When Lloyd Vogel (Matthew Rhys), the Esquire magazine reporter who serves as protagonist and audience surrogate in the new drama A Beautiful Day in the Neighborhood, meets Joanne Rogers (Maryann Plunkett), wife of the children’s show host and Presbyterian minister Fred Rogers, he asks the question we’d all be thinking: “What’s it like being married to a saint?”

After a short pause, Joanne corrects Lloyd’s assumption. “If you call him a saint, then what he does is somehow unattainable,” she explains. “He works hard at it. It’s a practice.”

Throughout the film, director Marielle Heller showcases many of Rogers’ practices, from swimming laps to praying for people by name. Heller’s visual style also captures aspects of these practices, most strikingly in a framing narrative that re-creates an episode of the iconic Mister Rogers’ Neighborhood, right down to the grainy video footage.

But the most important practice is Rogers’ devotion to silence. Dampening the easy charisma that has made him “America’s Dad,” Tom Hanks slows down to play the beloved Mister Rogers, speaking softly and leaving gaps between his words. To Heller’s credit, she resists the urge to fill these gaps, even when it’s unsettling to watch Fred sit and listen.

It’s unsettling because we so rarely see people act like Mister Rogers. Silence is hard. Internal and external messages bombard us, telling us we’re not good enough or we’ve been too damaged. Naturally, we want to shout back, to combat noise with noise and busyness with busyness.

In silence, Mister Rogers heard the voice of God telling him to love people just the way they are.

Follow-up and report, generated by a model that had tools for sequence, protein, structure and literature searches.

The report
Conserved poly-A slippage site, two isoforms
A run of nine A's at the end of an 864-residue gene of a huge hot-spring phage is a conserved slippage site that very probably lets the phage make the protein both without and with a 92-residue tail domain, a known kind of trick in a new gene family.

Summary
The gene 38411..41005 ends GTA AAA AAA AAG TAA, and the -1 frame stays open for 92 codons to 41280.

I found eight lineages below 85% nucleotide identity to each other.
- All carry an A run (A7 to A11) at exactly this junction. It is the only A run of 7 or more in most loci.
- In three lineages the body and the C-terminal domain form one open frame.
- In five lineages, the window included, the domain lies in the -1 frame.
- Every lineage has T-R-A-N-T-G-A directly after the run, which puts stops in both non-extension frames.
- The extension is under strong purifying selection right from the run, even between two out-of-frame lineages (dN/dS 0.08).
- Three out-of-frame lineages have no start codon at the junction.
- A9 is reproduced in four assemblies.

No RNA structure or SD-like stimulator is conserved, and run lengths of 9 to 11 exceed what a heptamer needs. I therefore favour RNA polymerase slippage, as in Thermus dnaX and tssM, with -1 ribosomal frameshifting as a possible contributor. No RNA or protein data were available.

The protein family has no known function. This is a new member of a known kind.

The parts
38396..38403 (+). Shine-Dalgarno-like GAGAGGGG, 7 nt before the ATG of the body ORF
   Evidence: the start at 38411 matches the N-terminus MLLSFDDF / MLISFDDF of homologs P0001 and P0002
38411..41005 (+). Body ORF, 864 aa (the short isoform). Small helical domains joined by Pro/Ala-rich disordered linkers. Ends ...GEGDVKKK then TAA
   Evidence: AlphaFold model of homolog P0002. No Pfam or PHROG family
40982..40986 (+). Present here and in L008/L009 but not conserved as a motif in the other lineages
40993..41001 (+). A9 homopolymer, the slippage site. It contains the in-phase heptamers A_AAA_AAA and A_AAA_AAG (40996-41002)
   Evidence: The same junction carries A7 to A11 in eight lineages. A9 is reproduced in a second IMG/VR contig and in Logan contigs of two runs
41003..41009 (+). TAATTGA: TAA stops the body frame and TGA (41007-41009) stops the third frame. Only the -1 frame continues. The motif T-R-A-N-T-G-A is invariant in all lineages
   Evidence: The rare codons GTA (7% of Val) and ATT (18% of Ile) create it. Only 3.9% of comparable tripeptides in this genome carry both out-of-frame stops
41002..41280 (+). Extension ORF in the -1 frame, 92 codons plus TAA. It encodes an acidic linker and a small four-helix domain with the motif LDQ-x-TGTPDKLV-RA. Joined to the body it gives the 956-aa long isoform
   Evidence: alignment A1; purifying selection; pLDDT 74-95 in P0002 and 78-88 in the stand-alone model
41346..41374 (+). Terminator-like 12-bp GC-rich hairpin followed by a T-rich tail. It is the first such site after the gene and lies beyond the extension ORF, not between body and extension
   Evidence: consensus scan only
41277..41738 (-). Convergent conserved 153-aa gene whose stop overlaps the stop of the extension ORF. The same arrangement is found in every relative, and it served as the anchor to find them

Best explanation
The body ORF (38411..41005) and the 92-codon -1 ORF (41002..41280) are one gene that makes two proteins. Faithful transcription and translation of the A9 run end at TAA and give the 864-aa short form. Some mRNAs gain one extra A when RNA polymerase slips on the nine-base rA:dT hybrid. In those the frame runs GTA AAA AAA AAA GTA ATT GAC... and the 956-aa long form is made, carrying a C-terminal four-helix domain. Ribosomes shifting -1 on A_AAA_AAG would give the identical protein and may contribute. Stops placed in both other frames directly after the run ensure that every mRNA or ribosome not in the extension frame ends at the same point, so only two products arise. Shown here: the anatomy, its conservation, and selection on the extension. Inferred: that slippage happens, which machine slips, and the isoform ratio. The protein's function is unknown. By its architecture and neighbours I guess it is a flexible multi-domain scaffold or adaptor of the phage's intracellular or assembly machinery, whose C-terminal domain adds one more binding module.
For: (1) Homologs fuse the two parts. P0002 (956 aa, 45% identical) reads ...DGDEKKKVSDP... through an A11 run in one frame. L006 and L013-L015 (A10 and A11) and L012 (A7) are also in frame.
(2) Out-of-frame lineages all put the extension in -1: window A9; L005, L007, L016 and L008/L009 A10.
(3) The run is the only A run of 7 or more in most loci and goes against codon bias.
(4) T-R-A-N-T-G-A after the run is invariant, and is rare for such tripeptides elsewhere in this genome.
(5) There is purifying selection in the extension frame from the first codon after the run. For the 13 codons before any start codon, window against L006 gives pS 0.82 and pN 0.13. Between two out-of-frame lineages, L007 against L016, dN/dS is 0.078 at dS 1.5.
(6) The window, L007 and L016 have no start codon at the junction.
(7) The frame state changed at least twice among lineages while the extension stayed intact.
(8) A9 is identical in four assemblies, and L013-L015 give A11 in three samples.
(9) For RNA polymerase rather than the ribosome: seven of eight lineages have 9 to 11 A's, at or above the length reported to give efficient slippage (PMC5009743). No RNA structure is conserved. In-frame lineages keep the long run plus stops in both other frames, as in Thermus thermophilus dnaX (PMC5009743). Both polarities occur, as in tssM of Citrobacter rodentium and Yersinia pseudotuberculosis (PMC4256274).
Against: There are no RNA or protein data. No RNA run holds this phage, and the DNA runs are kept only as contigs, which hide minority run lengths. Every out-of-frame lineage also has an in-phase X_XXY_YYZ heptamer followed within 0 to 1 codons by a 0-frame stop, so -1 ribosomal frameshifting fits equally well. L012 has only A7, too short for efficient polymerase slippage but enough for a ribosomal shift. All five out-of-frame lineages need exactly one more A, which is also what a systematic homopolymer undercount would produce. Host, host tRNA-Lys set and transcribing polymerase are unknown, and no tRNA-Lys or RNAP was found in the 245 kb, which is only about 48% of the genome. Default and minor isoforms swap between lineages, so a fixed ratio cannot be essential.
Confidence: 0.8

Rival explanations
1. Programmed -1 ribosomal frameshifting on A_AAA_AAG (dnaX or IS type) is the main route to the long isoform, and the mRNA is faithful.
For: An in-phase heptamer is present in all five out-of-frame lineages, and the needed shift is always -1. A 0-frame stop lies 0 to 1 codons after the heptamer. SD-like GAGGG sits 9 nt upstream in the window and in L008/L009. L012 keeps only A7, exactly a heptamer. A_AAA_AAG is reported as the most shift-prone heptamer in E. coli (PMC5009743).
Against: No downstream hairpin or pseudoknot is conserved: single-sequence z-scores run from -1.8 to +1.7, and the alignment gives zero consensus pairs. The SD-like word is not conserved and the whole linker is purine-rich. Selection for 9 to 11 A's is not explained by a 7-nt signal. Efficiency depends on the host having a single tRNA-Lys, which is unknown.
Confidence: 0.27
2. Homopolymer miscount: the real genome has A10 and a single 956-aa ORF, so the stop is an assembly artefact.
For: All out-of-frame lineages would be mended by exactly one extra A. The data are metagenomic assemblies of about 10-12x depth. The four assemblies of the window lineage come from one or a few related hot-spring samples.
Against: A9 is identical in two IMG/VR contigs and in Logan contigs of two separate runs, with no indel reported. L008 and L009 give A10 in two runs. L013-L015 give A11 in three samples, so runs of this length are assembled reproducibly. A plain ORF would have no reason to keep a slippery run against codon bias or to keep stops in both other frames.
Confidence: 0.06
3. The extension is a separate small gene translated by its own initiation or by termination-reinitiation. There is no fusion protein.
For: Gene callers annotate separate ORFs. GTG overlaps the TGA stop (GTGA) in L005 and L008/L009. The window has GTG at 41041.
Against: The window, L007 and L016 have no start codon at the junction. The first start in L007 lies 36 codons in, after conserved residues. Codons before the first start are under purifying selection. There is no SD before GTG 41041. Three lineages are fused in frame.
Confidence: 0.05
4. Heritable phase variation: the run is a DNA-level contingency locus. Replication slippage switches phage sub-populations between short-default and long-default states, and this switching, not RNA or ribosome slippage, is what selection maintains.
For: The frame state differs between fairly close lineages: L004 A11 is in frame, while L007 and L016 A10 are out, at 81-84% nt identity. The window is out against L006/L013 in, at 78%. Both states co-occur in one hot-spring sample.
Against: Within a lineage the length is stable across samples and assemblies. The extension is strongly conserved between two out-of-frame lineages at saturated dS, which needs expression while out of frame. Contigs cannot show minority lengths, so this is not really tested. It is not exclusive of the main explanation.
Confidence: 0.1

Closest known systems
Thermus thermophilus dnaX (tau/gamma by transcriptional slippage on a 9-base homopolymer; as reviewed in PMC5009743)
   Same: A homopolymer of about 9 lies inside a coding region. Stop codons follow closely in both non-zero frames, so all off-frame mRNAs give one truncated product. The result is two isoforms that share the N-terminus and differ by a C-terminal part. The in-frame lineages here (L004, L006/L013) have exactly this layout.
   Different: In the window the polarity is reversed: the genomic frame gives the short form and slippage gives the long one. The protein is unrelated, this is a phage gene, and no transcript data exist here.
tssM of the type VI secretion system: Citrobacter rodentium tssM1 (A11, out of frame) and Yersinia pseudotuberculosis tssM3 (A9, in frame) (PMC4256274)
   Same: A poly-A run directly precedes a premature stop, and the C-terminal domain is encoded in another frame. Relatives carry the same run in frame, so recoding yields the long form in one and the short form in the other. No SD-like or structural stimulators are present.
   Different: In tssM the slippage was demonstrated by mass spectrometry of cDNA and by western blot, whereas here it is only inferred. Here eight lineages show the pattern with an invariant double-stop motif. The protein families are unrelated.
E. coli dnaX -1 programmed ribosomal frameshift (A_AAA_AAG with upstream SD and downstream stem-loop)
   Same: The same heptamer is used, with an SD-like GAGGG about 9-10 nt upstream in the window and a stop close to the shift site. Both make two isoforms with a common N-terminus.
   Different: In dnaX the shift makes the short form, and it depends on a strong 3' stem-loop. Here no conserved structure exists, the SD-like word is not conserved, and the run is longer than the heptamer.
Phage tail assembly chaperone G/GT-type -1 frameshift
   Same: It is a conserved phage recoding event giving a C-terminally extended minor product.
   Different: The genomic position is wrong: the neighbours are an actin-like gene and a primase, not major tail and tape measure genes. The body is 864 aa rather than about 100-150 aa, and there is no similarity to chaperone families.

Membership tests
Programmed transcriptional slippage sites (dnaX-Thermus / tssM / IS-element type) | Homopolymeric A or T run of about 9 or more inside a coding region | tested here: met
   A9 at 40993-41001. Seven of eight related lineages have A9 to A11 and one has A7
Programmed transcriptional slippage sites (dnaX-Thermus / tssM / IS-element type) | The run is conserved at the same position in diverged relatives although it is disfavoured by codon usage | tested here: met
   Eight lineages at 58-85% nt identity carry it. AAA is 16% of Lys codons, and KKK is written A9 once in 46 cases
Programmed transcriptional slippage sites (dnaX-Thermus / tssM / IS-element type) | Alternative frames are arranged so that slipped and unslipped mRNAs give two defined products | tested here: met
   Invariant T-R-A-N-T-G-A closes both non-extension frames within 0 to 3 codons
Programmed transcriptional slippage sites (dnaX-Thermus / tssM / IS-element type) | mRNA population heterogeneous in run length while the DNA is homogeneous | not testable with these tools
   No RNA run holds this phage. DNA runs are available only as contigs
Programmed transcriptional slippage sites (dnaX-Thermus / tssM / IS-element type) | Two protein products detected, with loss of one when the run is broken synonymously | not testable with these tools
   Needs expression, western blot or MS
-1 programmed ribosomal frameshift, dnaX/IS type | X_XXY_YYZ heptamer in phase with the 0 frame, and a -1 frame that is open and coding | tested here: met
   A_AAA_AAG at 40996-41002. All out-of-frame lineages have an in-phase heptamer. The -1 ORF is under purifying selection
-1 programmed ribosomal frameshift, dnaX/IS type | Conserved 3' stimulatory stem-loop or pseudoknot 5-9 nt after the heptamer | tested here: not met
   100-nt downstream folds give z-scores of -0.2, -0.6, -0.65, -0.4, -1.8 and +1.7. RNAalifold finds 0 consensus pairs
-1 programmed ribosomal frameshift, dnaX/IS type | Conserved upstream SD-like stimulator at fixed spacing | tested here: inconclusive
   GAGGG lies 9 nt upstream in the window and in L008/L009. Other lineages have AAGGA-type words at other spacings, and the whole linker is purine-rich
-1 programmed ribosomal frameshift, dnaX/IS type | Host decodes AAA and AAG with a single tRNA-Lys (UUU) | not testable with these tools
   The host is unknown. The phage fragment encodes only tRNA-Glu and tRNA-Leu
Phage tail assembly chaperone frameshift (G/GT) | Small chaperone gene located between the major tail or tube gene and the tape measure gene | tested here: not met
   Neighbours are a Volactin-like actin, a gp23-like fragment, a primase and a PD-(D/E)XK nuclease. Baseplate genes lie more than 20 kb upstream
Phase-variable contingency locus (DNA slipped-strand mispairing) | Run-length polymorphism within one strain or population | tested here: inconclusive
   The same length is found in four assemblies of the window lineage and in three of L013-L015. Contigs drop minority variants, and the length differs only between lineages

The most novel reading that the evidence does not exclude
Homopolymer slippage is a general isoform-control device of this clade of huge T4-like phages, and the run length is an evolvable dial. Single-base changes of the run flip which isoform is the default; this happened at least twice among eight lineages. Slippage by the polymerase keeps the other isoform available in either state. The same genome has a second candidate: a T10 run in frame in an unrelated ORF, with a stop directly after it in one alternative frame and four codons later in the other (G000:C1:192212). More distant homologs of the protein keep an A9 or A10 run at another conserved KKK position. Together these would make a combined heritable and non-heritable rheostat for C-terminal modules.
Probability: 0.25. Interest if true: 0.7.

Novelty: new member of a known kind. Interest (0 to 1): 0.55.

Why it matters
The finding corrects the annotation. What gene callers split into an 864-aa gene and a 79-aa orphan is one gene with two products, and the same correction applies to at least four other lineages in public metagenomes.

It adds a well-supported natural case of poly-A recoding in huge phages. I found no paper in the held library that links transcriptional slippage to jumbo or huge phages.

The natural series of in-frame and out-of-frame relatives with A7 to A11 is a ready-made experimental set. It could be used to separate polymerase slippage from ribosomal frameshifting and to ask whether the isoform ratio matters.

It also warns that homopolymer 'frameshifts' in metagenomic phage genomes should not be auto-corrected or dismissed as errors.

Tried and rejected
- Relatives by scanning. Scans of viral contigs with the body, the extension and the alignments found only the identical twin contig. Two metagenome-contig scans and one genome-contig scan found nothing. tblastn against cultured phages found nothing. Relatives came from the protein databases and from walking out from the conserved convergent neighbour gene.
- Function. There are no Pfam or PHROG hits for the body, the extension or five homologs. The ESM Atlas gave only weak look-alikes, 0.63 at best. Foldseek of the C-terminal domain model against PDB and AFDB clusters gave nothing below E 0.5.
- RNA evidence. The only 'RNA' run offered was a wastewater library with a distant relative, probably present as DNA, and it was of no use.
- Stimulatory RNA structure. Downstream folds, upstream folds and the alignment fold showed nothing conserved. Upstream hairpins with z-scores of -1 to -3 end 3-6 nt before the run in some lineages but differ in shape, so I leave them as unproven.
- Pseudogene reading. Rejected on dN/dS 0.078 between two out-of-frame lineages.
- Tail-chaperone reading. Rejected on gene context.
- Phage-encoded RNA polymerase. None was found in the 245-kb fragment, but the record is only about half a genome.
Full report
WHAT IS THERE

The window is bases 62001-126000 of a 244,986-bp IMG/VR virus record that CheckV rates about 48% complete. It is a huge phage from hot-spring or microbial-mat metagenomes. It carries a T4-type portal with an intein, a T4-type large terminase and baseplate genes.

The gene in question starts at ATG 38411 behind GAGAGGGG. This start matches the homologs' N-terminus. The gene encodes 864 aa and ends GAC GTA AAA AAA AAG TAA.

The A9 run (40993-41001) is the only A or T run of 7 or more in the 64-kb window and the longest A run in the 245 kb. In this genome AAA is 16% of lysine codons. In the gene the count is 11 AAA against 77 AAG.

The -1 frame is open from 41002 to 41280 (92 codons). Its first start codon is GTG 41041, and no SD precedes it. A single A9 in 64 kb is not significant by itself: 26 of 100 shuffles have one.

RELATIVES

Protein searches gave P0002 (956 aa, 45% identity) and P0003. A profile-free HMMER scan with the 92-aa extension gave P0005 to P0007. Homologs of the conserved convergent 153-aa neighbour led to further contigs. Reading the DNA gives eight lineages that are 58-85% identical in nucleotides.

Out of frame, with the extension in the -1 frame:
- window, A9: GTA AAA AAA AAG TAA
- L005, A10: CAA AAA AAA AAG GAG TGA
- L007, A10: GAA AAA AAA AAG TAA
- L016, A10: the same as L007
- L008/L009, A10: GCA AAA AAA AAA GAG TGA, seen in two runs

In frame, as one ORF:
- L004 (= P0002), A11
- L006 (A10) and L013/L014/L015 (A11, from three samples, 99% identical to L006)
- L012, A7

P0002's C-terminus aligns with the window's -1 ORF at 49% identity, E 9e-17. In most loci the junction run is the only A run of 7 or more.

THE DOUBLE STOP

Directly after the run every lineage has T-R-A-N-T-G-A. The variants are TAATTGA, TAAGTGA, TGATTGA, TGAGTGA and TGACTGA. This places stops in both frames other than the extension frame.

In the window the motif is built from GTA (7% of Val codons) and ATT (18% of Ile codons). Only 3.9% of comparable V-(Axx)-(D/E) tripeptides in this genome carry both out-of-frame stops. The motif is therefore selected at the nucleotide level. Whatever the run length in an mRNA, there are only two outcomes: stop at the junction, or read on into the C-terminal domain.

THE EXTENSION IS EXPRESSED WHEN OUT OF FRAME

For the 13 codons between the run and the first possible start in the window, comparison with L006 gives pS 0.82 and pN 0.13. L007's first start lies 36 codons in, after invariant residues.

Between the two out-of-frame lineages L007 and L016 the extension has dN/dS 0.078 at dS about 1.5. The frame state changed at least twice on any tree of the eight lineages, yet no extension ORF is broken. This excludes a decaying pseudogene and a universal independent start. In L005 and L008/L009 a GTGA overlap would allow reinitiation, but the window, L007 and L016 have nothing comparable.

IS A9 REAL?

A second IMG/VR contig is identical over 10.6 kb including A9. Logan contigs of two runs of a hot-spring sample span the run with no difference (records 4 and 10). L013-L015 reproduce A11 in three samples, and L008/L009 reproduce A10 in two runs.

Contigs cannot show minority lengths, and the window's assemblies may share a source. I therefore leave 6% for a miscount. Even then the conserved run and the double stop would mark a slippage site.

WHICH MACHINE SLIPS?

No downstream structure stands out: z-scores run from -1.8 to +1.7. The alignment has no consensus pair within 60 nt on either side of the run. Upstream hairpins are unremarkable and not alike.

Psalm 46:10 implores us to “be still” and know that God is God, and the Gospels contain numerous instances of Jesus escaping to solitary places, but we feel the temptation to fill even our worship services with noise. The ELCA Worship Formation and Liturgical Resources guide on silence in worship reminds us that silence is “a gift that can enrich the life of a worshipping community” and teaches us that “prayer is not only a conversation involving words, but is also a stance of openness and listening for the voice of God.”

In silence, Mister Rogers heard the voice of God telling him to love people just the way they are, something the movie vividly illustrates in a scene set at a bustling diner (and adapted from this public moment). After listening to Lloyd call himself a “broken person,” Fred waits and responds, “I don’t think you’re broken.” To help Lloyd see his worth, Fred invites him into the practice by asking, “Would you take a minute of silence, to think of the people who loved you into being?”

Lloyd quickly becomes as quiet as Fred, but we can still hear others eating and talking. Heller cuts to these other diners, but as the camera pans back to Lloyd and Fred, each person, one by one, falls silent. For a full minute, there’s no music, no talking, no sound except for the fluttering of birds outside the window. As Lloyd and Fred sit and remember all the people special to them, the screen fills with images of others doing the same. And just as the minute is ending, we see Fred Rogers, looking directly at the camera, looking out at us all, silently telling us that we’re special.

Most of us have trouble enough finding words to tell others how much they matter, but A Beautiful Day in the Neighborhood demonstrates that it can even be done speechlessly. With a little practice, we too can find the power and beauty of silence. And in that quiet, we just might hear God—speaking once again through Mister Rogers—say, “I knew you could do it.”

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